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Good Morning Hollywood, March 25: No Futures

“Mission: Impossible” considers a Birdbrain, and the MPAA hopes there’s no future in trading movie futures

In this morning’s roundup of movie news ‘n’ notes from around the web, “Mission: Impossible” considers a Birdbrain, and the MPAA hopes there’s no future in trading movie futures.

The New York Times reports on the Motion Picture Association of America’s attempt to stop Cantor Futures Exchange and Trend Exchange, both of which have released plans to deal in the trading of futures contracts based on movie boxoffice receipts. On Tuesday, the MPAA sent a letter to the Commodity Futures Trading Commission, which oversees futures exchanges, asking the commission to reject the two firm’s applications; if buyers and sellers were able to place money on future boxoffice success, interim MPAA chief Robert Pisano wrote, the “reputation and integrity of our industry could be tarnished by allowing trading in the movie futures contracts in a manner which allows them to be viewed as the economic equivalent of legalized gambling on movie receipts.” As opposed to gambling by actually making the movies, which is the kind of gambling on which Hollywood is based. (Media Decoder)

The IncrediblesWill the next Tom Cruise secret-agent movie be “Mission: Incredible?” The Hollywood Reporter says that director Brad Bird, best known for Pixar’s “The Incredibles” (left), is a surprising entry on the shortlist of directors who’ve been approached by Cruise and producer J.J. Abrams about helming “Mission: Impossible IV,” which Paramount wants to release on Memorial Day, 2011. Bird, who also directed “Iron Giant” and “Ratatouille,” has been planning to break into live-action with “1906,” a film about the San Francisco earthquake of that year, but budgetary complications may be stalling that Warner Bros. production. Ruben Fleischer (“Zombieland”) and Edgar Wright (“Shaun of the Dead”) have also reportedly been interviewed for a film that’s awfully important for Cruise and Paramount, both of whom would dearly love a hit. (Heat Vision)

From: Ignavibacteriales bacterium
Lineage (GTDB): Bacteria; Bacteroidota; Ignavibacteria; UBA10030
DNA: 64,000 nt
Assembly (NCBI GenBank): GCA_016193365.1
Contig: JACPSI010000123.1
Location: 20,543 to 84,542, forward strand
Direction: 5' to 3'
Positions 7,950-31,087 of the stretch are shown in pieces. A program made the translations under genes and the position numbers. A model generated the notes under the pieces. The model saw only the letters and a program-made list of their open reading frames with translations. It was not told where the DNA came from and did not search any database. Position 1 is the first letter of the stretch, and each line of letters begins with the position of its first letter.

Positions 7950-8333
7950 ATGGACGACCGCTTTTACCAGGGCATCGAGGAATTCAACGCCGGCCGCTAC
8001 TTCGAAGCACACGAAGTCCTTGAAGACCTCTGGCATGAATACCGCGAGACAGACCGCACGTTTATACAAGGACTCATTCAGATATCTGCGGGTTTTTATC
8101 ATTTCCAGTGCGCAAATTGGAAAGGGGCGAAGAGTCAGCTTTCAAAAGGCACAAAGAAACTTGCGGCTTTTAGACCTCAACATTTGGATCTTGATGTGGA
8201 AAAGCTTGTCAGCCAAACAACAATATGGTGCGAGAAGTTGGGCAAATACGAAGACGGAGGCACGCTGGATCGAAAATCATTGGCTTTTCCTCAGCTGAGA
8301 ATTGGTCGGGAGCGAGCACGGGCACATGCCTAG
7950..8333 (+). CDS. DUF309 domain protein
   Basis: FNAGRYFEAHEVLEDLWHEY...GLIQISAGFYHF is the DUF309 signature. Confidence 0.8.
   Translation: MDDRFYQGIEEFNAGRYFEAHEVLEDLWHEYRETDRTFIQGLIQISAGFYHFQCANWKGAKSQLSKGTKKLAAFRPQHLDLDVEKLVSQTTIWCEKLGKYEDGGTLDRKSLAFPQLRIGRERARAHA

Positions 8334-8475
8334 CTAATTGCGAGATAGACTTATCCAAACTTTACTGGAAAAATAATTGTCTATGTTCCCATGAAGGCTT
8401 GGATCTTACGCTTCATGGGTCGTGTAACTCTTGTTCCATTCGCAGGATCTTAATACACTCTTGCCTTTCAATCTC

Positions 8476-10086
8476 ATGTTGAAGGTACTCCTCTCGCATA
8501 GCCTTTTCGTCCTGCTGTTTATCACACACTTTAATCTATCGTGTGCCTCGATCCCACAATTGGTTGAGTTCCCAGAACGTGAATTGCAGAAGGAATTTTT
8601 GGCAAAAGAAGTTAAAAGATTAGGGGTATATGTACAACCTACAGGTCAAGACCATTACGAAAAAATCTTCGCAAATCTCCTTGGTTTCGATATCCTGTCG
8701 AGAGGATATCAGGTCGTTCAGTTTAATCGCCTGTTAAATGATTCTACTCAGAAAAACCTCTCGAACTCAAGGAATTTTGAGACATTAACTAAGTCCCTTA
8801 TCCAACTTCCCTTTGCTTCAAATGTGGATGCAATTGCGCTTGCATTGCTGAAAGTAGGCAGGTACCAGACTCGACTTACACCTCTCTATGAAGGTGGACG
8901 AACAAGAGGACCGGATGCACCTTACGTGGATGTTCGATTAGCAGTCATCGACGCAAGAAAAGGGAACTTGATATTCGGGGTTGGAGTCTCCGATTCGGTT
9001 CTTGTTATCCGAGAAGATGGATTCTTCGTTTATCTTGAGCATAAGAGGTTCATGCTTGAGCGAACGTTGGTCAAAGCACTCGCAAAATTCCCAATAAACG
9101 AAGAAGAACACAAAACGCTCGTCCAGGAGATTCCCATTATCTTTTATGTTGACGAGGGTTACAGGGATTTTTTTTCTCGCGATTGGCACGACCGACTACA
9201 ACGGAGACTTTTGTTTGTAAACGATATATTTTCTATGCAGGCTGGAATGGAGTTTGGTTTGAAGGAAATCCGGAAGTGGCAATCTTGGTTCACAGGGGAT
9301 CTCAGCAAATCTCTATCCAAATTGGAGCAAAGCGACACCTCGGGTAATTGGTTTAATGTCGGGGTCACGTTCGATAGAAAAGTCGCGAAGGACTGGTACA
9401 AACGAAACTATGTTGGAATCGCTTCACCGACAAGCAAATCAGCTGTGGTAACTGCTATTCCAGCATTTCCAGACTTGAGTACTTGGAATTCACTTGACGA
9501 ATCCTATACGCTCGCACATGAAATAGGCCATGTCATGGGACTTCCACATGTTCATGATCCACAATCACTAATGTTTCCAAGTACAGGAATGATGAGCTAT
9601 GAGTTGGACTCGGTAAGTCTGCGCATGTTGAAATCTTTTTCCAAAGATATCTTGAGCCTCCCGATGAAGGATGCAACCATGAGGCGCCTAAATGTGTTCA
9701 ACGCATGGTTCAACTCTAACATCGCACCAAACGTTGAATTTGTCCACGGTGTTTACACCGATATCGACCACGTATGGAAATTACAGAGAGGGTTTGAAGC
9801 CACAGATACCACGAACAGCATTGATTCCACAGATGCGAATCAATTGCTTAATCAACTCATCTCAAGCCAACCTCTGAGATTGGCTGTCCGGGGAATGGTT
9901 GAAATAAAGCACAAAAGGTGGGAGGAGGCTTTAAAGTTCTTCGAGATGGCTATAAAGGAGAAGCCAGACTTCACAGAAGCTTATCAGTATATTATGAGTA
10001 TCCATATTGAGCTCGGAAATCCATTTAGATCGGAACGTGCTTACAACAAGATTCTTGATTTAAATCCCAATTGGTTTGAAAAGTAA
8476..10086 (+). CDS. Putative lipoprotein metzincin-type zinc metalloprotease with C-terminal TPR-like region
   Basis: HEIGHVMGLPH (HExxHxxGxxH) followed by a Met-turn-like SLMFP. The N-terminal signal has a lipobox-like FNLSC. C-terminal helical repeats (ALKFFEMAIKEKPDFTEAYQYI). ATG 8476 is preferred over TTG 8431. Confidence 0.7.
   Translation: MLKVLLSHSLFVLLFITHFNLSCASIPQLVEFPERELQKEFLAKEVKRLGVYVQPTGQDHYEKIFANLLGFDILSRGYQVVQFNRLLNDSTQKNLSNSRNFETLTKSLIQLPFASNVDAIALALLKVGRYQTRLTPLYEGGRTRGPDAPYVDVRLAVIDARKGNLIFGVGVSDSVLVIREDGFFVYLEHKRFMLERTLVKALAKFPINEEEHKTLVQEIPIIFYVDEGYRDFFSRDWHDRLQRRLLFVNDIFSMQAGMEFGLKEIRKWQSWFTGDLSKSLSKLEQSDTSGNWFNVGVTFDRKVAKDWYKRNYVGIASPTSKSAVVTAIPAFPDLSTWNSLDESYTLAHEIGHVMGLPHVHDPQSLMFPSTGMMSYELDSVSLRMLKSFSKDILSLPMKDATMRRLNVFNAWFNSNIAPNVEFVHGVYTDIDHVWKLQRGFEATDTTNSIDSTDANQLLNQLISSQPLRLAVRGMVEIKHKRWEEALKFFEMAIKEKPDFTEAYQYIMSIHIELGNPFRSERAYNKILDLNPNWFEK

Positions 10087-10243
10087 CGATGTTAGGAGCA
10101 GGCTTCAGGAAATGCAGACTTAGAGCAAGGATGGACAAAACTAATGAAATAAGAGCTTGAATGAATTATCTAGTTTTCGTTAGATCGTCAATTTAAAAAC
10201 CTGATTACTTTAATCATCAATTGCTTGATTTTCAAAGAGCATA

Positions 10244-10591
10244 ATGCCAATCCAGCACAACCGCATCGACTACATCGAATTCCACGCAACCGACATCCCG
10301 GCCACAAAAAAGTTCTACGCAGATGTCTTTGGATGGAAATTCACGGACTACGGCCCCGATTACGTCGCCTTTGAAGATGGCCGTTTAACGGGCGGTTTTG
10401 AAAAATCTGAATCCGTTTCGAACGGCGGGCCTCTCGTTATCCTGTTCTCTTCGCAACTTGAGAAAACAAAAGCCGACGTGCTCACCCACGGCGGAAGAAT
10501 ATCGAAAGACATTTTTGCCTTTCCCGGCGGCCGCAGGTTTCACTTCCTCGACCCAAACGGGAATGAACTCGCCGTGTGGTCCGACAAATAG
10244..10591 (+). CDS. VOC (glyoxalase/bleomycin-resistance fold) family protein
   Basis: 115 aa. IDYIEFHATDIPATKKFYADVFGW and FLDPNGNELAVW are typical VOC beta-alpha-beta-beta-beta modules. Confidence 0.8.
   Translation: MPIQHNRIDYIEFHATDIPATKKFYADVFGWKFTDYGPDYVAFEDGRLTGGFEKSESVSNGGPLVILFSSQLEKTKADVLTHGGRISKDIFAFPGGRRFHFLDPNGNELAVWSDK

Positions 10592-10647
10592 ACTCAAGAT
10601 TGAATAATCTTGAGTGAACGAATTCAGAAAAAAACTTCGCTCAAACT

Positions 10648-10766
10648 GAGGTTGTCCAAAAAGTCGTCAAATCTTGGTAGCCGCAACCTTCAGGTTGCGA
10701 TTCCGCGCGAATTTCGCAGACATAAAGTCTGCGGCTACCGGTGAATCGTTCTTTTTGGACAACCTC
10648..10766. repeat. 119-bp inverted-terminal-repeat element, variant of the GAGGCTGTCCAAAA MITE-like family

Anne Thompson paints the Weinstein Company’s acquisition of “The Company Men” from “ER” creator John Wells as a return to Weinstein’s “indie basics.” She says the Ben Affleck/Kevin Costner/Tommy Lee Jones film about corporate downsizing “played well” at Sundance, though Jeff Wells says it was “generally seen as a dud.” Whatever the film’s prospects when it’s released at an unspecified date later this year, Weinstein’s “guaranteed seven figure P&A commitment” sounds modest, as befits a company that has clearly scaled back, even as it continues to make acquisitions. (The documentary “The Pat Tillman Story” and the Ryan Gosling/Michelle Williams drama “Blue Valentine” being two others.) (Thompson on Hollywood)

Method Fest, which bills itself as “ the annual celebration of performance and discovery in independent film,” kicks off on Thursday and runs for a week in Calabasas and Agoura Hills, outside Los Angeles. Special events include the Lifetime Achievement Award presentation to Bruce Dern, the Rising Star of the Year Award to “UrFrenz” star Lily Holleman, and screenings of James Ivory’s “The City of Your Final Destination” (with Anthony Hopkins and Laura Linney) and Shana Feste’s “The Greatest” (with Pierce Brosnan, Carey Mulligan and Susan Sarandon). More info at the festival’s website. (Method Fest)

CinemaBlend bemoans the impending movie-theater price hike, which it says could reach as high as 26 percent at theaters determined to extract a 3D premium from moviegoers who want to see “How to Train Your Dragon” Looking ahead to prices that could reach $15 for 3D, $17 for IMAX 3D, and as much as $20 at times, Josh Tyler proclaims, “3D is just an excuse to suck more money out of your wallet.” “Dragon,” he adds, is just swell in two dimensions. (CinemaBlend)